Archive for April, 2005

Great Tool for converting MS Access to MySQL

Posted on the April 30th, 2005 under Uncategorized by

For two projects that I’m busy with, I need to convert an Access database to MySQL. Its more the data that needs to be transferred thanthe structure.

Going through the web, I found a great tool for doing this, and best of all its freeware!

DB Converter by Zenwerx Custom Programming takes an Access database, and generates it into SQL compatible with MySQL and Oracle. Fab tool, andworks, and gets my thumbs up.

Have a look at:

The download is available at:

Blogging as a Sadaqatul Jaariyah (Perpetual Charity)

Posted on the April 30th, 2005 under Uncategorized by

As a web developer, one of the biggest difficulties is trying to get client to provide decent content. At first I thought it was ‘laziness’ on their part, only to find out, with experience, that it seems to be endemic.

Having developed the website for the Islamic College of Southern Africa (ICOSA), and now busy with the one for the International Peace University of South Africa (IPSA), I’ve always tried to encourage the lecturing staff to allow their research to be published on the web.

But in general, we need to ask how many Muslim scholars have blogs, and can we encourage them to go into blogging. It doesn’t have to be ‘academic’, just valuable interesting ideas that they have to share.

For one, I’ve learnt how much better it is to write down things, and enormous thanks goes to the and Google teams for facilitating this, and giving me the freedom to express myself in a way that is comfortable.

Another thought and perhaps reason for Muslim Scholars to start blogging.

Whatever gets written in the blog remains, the ideas may change over time, they may be criticised, or hardly read. But perchance, the writings can help someone. A blog remains a legacy in a similar way to that of a book. The blog will become a Sadaqah al-Jariyah, a perpetual charity, a gift from yourself to others, many of whom you may never meet, benefitting humanity, even after you have passed on.

Classical Islam and Water Management

Posted on the April 30th, 2005 under Uncategorized by

Here in Cape Town and the Western Cape (South Africa), we are experiencing water shortages, and proudly, Muslims are playing a leading role in spreading the message. In fact, the councillor in charge ofwater management is a Muslim, viz. Councillor Saleem Mowser.

Nonetheless, I was amazed when an Imam recently used Classical Fiqh to offer ways & means to play a part in water conservation.

In Islam, there are various categories of water, to attempt a transliteration:

  • Maa Tahir Mutahhir – Clean water that can be used to purify other things
  • Maa Tahir – clean water, but does not have the purifying capacity
  • Maa Najis – unclean, filthy water

In this perspective, water that is saved from showering (as an example) changes from Maa Tahir Mutahhir to Maa Tahir and could then be used for the garden or the car.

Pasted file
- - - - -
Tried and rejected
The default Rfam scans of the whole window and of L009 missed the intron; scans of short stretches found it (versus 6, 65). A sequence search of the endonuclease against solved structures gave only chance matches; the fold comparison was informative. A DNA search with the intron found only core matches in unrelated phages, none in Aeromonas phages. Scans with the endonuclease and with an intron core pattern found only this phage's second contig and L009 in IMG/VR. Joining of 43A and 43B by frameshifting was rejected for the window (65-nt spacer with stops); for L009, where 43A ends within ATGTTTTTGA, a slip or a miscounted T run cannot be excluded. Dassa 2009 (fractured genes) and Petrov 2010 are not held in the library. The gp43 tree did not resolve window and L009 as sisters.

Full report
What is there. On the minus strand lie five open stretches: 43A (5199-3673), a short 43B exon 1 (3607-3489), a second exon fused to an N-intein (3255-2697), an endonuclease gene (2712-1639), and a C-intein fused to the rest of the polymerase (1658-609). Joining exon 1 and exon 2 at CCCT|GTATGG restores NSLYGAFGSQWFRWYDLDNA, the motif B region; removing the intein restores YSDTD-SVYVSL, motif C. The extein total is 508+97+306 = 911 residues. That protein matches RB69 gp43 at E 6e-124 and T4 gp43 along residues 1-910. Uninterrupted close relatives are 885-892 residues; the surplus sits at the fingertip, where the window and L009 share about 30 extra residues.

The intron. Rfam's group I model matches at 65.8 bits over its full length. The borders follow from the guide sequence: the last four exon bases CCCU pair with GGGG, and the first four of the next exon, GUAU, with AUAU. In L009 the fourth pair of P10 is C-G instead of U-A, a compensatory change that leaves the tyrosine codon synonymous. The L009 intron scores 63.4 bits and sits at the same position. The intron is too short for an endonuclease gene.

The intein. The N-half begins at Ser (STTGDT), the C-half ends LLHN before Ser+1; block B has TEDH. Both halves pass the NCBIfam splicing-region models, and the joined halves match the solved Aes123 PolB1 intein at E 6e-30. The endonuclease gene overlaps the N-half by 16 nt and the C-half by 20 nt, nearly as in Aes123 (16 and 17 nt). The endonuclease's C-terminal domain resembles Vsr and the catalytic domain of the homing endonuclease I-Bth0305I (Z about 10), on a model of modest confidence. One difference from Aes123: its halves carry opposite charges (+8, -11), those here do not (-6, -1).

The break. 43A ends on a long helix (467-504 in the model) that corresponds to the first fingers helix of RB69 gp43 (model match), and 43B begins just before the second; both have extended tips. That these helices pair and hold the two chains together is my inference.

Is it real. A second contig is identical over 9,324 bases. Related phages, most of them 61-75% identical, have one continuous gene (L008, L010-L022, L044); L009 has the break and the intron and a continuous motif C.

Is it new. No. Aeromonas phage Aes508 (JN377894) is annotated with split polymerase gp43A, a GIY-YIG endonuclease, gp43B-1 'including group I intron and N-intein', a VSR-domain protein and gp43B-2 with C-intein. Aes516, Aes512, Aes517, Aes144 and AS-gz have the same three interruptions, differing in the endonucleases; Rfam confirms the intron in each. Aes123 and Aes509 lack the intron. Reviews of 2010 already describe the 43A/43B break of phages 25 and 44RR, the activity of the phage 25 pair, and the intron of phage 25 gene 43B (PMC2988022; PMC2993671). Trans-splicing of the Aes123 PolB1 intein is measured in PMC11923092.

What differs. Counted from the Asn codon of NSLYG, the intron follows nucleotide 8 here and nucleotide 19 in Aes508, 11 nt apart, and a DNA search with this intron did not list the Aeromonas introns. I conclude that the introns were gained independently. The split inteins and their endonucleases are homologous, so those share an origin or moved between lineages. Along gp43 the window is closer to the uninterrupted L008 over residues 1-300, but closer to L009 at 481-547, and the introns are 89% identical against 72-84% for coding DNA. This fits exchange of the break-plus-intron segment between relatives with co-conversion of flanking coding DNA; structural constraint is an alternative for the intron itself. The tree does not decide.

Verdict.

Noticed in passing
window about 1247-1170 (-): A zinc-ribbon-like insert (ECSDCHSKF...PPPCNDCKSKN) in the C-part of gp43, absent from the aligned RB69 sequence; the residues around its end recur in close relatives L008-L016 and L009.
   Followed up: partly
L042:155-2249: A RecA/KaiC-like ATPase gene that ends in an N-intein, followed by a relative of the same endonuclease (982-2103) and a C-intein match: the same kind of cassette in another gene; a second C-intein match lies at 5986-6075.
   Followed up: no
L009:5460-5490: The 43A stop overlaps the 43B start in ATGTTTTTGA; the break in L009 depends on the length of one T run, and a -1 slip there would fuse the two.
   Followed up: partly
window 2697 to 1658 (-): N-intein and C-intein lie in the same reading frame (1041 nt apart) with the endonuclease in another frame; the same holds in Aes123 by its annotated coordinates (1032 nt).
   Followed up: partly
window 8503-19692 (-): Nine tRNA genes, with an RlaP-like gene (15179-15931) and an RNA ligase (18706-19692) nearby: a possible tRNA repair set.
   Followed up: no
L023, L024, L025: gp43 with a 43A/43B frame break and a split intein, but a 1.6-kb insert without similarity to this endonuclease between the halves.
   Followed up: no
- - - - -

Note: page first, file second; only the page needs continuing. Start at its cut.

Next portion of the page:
It was this analysis and statement from the Imam that amazed me. How often is it that when we are faced with a ‘modern’ day problem, we tendto run away from the ‘classical’ teachings.

There are many examples of water conservation practices in the time of the Holy Prophet. To quote one:

Ibn Majah reports that a person was making Wudu and he was using too much water. The Prophet -peace be upon him- said, “What is this waste?” The man said, “Is there a waste in Wudu also, O Messenger of Allah?” The Prophet -peace be upon him- said, “Yes, even if you were near a flowing river.” (Ibn Majah, Hadith no. 419)

Add to this the practice of Tayammum, perhaps there is still alot to be explored in this field, and highlights the urgent need for knowledge management as a reminder. A great shukran to the Imam for doing exactly this.

Pope and the Khilafah

Posted on the April 30th, 2005 under Uncategorized by

A bit of a late thought. In the past weeks there was the death of Pope John Paul II, followed by the rare occurrence of the conclave to elect a new pope. All the cardinals summoned to the Vatican, distinct election process, etc.

Here’s a thought that passed by…

How would Muslims go about electing a Khalifah? Similar process? Same feelings of anticipation?

Sadly, the Khilafah doesn’t exist at present, but just the thought. Perhaps we could focus then on Imams, Muftis, Grand Shaykhs, and how they get elected, all of which, should be significant events, given their influence.

Indian general: Aids is deadlier than bullets

Posted on the April 22nd, 2005 under Uncategorized by

Reading this article on IOL, perhaps there is an explanation for this, which wouldn’t go well with the Indian government.

Perhaps if you stopped letting your troops RAPE women of your opponents, this disease will stop spreading. Yes, its true. You surround tribes, separate men from the women, and then begin a session of mass-rape, in particular of Kashmiris! Try denying that!

So, the story doesn’t come as a surprise. Also, you have a wonderful law that soldiers that can’t be held accountable for actions whilst on duty. In reality, we will all be accountable for actions of the Day of Judgement in front of the Almighty.

But who knows. It seems that the liberation of Kashmir may come sooner than later, becaused the Indian Army is screwing itself (pun intended).

Posted on the April 22nd, 2005 under Uncategorized by

Yesterday I registered at – its a website that tries to reunite high school classmates. Was kind of sceptical atfirst, will Rylands High Matriculants in 1996 actually sign up to this?

Yes, there was: Fathima Khan (aka bombnose), Mumtaaz Parker, Rehana Hamid.

So South Africans, sign up to SA Reunited. You’ll be surprised how many class mates you’ll meet.

Jews in Medina